Tent pegs are surprisingly diverse, so it’s important to know what to look for when you’re searching for your next set of lightweight tent stakes. Here’s what to keep an eye out for:

Material

These days, tent stakes are made from a few different materials, each of which has its own advantages and disadvantages. Aluminum is by far the most common material used for this application because it has a high strength-to-weight ratio. This means that aluminum stakes can be fairly lightweight without losing much int the strength category.

Alternatively, you can get a tent stake made from steel, which is a cheap and durable material. However, steel tent pegs are very heavy, so they’re not really recommended for anything but car camping.

Finally, you can get titanium or carbon fiber tent pegs, which are designed especially for the ultralight market. This kind of material is found in the best ultralight tent stakes on the market as they usually weigh just a fraction of the weight of a similarly sized aluminum peg.

That being said, these pegs, while strong, need to be placed properly as they can break when pushed into a rock. Oh, and the light weight of these stakes will cost you a pretty penny, so get your bank account ready before you buy them.

Weight

When it comes to anything we carry on our backs, weight is of the utmost importance. A lightweight tent stake has the added advantage of reducing the amount of weight in our packs which is a huge plus on a longer backpacking trip.

However, weight savings almost always come with an increase in price, decrease in durability, or both, so ultralight stakes aren’t the end-all-be-all.

Size and Length

The size and length of a tent stake don’t actually make much difference in reality (unless you’re talking about snow and sand pegs) so really this just affects your ability to pack them each morning. The longer the tent pegs, the more space they take up in your pack, so keep this in mind while shopping.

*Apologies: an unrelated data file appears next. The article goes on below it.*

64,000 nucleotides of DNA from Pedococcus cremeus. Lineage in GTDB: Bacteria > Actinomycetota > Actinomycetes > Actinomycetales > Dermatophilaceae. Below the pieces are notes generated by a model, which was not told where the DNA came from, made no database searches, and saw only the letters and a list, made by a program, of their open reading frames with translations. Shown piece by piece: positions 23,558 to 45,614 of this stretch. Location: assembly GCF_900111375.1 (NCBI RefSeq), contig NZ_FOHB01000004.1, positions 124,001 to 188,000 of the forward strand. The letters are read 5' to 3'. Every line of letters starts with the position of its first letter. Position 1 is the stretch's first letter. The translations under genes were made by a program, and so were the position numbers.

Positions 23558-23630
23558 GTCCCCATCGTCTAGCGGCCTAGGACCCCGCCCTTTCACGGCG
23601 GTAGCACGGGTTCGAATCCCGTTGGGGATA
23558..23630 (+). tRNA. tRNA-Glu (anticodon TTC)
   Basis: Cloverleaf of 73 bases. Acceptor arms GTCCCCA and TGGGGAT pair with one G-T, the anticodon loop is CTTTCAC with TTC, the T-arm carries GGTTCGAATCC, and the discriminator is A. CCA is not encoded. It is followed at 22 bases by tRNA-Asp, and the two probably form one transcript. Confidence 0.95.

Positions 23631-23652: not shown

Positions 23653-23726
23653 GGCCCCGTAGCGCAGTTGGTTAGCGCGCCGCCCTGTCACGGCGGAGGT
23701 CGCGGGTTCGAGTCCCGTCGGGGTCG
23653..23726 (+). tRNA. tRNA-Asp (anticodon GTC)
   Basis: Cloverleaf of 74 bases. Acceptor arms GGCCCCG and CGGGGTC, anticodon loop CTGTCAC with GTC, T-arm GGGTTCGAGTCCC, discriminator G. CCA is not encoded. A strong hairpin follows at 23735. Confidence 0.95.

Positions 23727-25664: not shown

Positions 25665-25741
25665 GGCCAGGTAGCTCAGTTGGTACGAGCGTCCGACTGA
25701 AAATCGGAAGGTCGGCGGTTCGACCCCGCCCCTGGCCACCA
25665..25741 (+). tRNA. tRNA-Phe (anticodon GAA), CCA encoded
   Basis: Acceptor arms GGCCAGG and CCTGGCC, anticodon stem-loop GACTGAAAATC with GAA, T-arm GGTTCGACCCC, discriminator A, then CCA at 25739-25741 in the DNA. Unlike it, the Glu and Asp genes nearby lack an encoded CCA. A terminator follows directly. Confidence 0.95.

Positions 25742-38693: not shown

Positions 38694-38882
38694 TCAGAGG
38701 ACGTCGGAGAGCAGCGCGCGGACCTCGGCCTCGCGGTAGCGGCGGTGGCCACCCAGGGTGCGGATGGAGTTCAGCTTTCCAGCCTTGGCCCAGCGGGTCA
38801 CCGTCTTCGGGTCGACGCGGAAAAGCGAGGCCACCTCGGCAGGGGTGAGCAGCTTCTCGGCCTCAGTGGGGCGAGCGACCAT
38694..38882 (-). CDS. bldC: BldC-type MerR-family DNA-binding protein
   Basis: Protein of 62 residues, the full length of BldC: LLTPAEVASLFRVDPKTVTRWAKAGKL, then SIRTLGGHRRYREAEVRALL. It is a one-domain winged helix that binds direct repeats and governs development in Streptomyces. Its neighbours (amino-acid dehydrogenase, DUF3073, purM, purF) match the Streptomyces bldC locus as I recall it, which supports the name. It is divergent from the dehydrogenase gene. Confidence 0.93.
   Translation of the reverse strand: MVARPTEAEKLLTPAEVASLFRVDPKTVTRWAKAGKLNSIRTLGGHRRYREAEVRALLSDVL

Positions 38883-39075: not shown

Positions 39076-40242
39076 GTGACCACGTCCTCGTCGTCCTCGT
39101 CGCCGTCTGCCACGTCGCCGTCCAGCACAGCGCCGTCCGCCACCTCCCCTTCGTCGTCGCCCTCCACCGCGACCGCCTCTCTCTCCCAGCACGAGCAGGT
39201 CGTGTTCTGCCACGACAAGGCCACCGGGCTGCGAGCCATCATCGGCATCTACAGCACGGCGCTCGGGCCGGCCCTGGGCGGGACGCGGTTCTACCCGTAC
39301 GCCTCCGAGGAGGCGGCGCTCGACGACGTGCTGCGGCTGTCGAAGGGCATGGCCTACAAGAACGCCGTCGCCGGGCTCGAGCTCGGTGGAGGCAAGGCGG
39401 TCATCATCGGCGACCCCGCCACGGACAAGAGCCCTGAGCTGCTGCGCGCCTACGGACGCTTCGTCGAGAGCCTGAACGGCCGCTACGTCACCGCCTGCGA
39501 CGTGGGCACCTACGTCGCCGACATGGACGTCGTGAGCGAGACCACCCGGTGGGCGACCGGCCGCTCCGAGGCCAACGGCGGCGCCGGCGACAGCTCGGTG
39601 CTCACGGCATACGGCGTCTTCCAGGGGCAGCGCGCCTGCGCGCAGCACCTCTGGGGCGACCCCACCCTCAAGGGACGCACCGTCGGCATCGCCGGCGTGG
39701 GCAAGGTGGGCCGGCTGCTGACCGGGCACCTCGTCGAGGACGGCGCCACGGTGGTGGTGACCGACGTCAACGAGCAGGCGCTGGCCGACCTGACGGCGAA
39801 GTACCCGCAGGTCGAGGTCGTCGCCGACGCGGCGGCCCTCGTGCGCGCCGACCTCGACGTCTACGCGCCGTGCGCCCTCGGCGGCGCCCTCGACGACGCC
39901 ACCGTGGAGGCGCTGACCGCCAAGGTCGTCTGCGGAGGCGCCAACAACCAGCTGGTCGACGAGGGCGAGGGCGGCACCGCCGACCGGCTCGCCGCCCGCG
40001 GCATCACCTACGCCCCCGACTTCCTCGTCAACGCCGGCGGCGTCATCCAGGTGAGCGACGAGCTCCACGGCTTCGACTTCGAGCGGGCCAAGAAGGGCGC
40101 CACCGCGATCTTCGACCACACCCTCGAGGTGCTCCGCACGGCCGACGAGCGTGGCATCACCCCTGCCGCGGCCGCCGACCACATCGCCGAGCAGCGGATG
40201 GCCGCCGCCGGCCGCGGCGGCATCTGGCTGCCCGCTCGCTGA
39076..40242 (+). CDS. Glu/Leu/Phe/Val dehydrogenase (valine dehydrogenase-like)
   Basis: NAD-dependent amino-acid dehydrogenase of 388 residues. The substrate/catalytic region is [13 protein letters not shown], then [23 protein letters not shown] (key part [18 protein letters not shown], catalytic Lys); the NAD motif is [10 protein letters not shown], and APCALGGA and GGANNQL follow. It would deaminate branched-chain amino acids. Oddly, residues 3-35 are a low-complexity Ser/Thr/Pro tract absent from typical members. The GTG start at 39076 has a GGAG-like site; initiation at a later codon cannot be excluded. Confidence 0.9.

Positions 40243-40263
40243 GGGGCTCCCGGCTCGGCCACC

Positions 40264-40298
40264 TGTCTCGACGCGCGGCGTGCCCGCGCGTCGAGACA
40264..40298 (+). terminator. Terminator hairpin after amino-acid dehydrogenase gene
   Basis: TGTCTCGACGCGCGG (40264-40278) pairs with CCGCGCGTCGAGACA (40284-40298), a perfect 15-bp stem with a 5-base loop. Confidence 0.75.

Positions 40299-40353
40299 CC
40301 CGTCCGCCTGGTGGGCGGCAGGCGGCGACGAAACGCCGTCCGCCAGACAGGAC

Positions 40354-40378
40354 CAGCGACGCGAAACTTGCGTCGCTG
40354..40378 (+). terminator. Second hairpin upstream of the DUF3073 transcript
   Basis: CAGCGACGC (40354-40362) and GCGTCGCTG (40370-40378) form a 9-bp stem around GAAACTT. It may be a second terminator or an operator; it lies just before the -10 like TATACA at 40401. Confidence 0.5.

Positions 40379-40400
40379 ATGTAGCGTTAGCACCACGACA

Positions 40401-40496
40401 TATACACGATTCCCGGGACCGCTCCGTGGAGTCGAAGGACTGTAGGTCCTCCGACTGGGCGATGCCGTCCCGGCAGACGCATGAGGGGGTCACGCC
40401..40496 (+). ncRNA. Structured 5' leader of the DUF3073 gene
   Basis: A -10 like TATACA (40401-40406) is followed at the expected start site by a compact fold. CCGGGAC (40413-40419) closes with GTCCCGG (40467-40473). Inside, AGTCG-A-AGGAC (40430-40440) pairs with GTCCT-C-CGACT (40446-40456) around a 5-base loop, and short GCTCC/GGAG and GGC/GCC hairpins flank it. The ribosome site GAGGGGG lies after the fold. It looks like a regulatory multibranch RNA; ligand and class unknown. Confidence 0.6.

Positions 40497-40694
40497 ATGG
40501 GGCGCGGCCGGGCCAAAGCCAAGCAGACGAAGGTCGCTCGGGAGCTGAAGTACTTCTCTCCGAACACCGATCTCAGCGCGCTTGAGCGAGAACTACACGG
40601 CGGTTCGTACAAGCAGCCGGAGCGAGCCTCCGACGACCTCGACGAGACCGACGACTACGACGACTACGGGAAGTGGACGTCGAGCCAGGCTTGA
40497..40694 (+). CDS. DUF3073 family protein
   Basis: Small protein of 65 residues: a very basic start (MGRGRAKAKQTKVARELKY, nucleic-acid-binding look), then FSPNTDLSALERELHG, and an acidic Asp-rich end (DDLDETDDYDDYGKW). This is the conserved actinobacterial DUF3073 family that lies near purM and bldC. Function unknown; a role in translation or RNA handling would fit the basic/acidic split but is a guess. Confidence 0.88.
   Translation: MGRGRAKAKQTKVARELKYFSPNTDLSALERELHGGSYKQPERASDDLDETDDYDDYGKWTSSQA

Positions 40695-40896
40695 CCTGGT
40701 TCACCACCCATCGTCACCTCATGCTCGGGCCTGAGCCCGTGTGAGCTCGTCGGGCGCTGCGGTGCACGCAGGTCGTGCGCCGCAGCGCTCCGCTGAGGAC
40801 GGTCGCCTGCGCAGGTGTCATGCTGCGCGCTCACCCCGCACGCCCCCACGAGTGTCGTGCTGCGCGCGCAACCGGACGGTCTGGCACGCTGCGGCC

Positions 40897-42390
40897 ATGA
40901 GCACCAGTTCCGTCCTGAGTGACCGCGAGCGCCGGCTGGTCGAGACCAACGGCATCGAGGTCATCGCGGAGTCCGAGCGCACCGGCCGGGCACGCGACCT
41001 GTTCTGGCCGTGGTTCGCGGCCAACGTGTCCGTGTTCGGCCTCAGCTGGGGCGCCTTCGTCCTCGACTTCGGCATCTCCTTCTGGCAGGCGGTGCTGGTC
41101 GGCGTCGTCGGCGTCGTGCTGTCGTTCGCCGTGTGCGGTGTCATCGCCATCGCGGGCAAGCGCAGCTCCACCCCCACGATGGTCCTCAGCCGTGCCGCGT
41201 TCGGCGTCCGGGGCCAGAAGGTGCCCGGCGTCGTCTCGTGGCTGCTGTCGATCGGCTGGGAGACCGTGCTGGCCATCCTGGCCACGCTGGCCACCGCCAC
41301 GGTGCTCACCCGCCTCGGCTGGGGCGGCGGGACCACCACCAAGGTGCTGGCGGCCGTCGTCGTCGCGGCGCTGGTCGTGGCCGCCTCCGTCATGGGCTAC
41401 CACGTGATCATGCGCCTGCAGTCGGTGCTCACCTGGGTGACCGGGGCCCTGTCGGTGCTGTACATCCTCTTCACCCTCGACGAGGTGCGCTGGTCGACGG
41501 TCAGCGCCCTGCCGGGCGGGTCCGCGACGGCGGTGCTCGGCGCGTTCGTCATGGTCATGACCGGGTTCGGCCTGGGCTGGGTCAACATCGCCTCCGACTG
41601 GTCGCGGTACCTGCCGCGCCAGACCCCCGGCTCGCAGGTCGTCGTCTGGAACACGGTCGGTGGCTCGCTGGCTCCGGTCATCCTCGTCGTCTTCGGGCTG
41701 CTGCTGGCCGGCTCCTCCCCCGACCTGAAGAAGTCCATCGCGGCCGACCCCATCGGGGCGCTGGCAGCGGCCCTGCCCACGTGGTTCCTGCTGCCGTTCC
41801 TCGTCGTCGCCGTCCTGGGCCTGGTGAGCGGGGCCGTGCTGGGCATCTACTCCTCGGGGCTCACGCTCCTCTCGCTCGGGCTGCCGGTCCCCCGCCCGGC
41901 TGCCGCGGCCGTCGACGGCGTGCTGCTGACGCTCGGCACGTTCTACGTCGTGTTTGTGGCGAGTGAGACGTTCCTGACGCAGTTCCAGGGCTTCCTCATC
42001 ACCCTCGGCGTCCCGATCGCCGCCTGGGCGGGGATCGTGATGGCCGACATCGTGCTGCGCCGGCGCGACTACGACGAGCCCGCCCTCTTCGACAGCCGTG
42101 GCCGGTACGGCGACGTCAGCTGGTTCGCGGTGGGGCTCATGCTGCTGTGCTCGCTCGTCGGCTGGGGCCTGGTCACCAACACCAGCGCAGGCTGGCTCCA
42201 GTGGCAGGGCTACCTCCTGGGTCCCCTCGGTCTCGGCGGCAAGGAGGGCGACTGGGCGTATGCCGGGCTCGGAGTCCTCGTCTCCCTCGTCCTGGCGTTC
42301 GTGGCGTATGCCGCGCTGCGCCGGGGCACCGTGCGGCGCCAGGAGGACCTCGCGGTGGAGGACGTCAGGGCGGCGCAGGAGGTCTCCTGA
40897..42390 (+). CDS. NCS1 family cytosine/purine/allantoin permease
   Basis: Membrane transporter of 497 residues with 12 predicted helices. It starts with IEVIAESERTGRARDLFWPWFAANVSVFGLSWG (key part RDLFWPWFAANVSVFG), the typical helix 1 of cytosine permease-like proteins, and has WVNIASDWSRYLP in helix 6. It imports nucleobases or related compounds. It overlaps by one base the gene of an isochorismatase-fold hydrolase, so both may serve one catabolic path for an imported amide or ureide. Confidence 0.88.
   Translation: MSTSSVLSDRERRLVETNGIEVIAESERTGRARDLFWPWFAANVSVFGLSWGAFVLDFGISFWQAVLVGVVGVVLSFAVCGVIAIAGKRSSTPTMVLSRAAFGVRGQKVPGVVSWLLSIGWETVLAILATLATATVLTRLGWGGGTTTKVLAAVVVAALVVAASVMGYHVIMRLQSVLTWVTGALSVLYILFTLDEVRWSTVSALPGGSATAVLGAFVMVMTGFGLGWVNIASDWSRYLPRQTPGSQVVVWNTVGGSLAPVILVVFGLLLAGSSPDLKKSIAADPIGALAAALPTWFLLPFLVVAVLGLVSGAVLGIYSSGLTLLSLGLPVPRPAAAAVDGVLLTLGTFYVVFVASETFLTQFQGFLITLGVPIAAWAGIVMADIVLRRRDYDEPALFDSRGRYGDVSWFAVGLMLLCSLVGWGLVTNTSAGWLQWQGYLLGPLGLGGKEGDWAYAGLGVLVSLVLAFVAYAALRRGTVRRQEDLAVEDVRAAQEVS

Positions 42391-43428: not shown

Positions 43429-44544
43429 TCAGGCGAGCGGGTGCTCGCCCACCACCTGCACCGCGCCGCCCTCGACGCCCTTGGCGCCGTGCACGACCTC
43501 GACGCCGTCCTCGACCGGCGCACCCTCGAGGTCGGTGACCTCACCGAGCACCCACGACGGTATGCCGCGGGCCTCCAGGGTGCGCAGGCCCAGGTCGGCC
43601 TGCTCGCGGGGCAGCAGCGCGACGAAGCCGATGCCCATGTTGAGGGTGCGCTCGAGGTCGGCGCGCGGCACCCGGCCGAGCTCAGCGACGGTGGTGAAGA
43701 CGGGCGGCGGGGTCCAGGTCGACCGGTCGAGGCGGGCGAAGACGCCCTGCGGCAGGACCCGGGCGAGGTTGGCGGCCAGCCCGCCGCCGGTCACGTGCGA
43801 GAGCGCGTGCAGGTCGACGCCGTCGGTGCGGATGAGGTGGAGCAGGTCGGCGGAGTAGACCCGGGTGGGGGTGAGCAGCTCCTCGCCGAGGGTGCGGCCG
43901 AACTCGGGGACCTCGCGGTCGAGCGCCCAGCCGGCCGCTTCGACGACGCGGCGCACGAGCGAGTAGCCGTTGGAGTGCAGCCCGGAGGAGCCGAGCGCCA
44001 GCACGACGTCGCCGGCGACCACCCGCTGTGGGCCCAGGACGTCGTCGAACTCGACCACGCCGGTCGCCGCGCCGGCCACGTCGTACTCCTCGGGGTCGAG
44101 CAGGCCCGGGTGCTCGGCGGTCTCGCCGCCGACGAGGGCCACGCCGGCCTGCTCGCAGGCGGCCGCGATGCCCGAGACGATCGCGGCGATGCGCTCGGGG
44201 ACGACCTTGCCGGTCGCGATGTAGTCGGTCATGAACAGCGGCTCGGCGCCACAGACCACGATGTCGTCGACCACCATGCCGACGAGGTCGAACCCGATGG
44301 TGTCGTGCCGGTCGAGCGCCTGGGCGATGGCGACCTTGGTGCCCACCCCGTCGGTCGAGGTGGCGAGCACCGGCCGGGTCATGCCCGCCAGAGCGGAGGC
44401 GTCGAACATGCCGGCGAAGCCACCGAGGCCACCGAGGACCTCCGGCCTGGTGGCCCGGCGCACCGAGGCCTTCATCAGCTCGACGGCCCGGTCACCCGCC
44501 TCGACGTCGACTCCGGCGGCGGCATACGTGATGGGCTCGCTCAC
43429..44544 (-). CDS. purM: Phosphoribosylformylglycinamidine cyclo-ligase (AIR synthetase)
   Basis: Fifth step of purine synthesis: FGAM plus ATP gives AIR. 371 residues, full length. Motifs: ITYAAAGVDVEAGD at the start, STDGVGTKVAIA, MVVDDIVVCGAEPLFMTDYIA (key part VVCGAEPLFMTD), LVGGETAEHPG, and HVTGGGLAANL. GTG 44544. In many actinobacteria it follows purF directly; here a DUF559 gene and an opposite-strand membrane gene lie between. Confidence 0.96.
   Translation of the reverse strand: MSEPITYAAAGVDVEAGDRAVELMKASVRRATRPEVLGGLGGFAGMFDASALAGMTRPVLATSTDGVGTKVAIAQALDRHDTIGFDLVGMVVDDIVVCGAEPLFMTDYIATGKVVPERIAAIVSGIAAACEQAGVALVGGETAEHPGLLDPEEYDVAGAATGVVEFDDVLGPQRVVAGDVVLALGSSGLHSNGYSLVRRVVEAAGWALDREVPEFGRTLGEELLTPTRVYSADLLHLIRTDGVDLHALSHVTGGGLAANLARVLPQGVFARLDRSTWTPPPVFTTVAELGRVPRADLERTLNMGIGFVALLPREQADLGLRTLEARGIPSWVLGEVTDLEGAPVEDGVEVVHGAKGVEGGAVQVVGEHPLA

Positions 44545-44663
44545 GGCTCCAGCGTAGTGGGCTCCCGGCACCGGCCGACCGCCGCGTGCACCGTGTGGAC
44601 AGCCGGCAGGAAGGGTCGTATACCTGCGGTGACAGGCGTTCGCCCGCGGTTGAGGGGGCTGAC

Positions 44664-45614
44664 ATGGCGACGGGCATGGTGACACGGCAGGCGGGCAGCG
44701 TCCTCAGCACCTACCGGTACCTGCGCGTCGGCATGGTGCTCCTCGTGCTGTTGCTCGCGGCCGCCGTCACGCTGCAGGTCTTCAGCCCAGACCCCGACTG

Holding Strength

Perhaps the most important thing to look for when buying a tent stake is its holding strength. This is basically a measure of how much force a tent peg can withstand when it’s placed in the ground.

In foul conditions, you’ll want a tent stake that can withstand heavy winds and keep your tent firmly anchored to the ground. While a lot of this has to with stake placement, we’ve generally found that Y-stakes are the strongest and most durable in terms of holding strength in a variety of conditions.

Stakes for snow and ground

As we’ve already mentioned, snow camping requires its own kind of tent pegs. Snow tent stakes are much larger than their regular-ground counterparts and feature an assortment of holes to help keep them anchored in the snow. However, snow stakes have little use outside of this particular use, so if you buy them, keep in mind that you’ll probably also want to get a pair of regular pegs, too.

When placing tent stakes in the dirt, you’ll want to angle them away slightly from the direction of pull of the tent. Be careful not to just step on the peg as this can easily cause them to bend if they get pushed into rocks underground. The best way to place stakes is to use a small rock to “hammer” them into the ground.

For snow stakes, you can do much the same thing if you’re working with very firm snow. Alternatively, you can bury the stake into the snow in a horizontal position, when compared with the tent. This is known as a “dead man” and is a very secure way of staking your tent in the snow.

Our recommendations

Here are our top recommendations for the best tent stakes for different conditions:

MSR Groundhog

Best All-Around

This Y-shaped tent peg is small, relatively lightweight, and ready for anything. Designed to be used in nearly every kind of ground (except snow and sand) these pegs are some of the most versatile out there.

MSR ToughStake

Best for Snow and Sand

The MSR ToughStake uses a revolutionary new design to help improve traction in snow and sand. Thanks to their innovative spade head, the ToughStake gets a lot of grip, even in the most challenging of conditions.

MSR Carbon Core

Best Ultralight Tent Stake

The MSR Carbon Core is one of the lightest tent pegs around. Built with an innovative carbon-fiber core and aluminum outer, these stakes tip the scales at just under 6g while still retaining the full holding strength of a regular weight peg.

Conclusion

Tent stakes are a must-have for any outdoor enthusiast. When it comes to pitching your best tent, there’s nothing better than a solid tent peg for getting a secure grip to the ground in harsh conditions. Happy camping!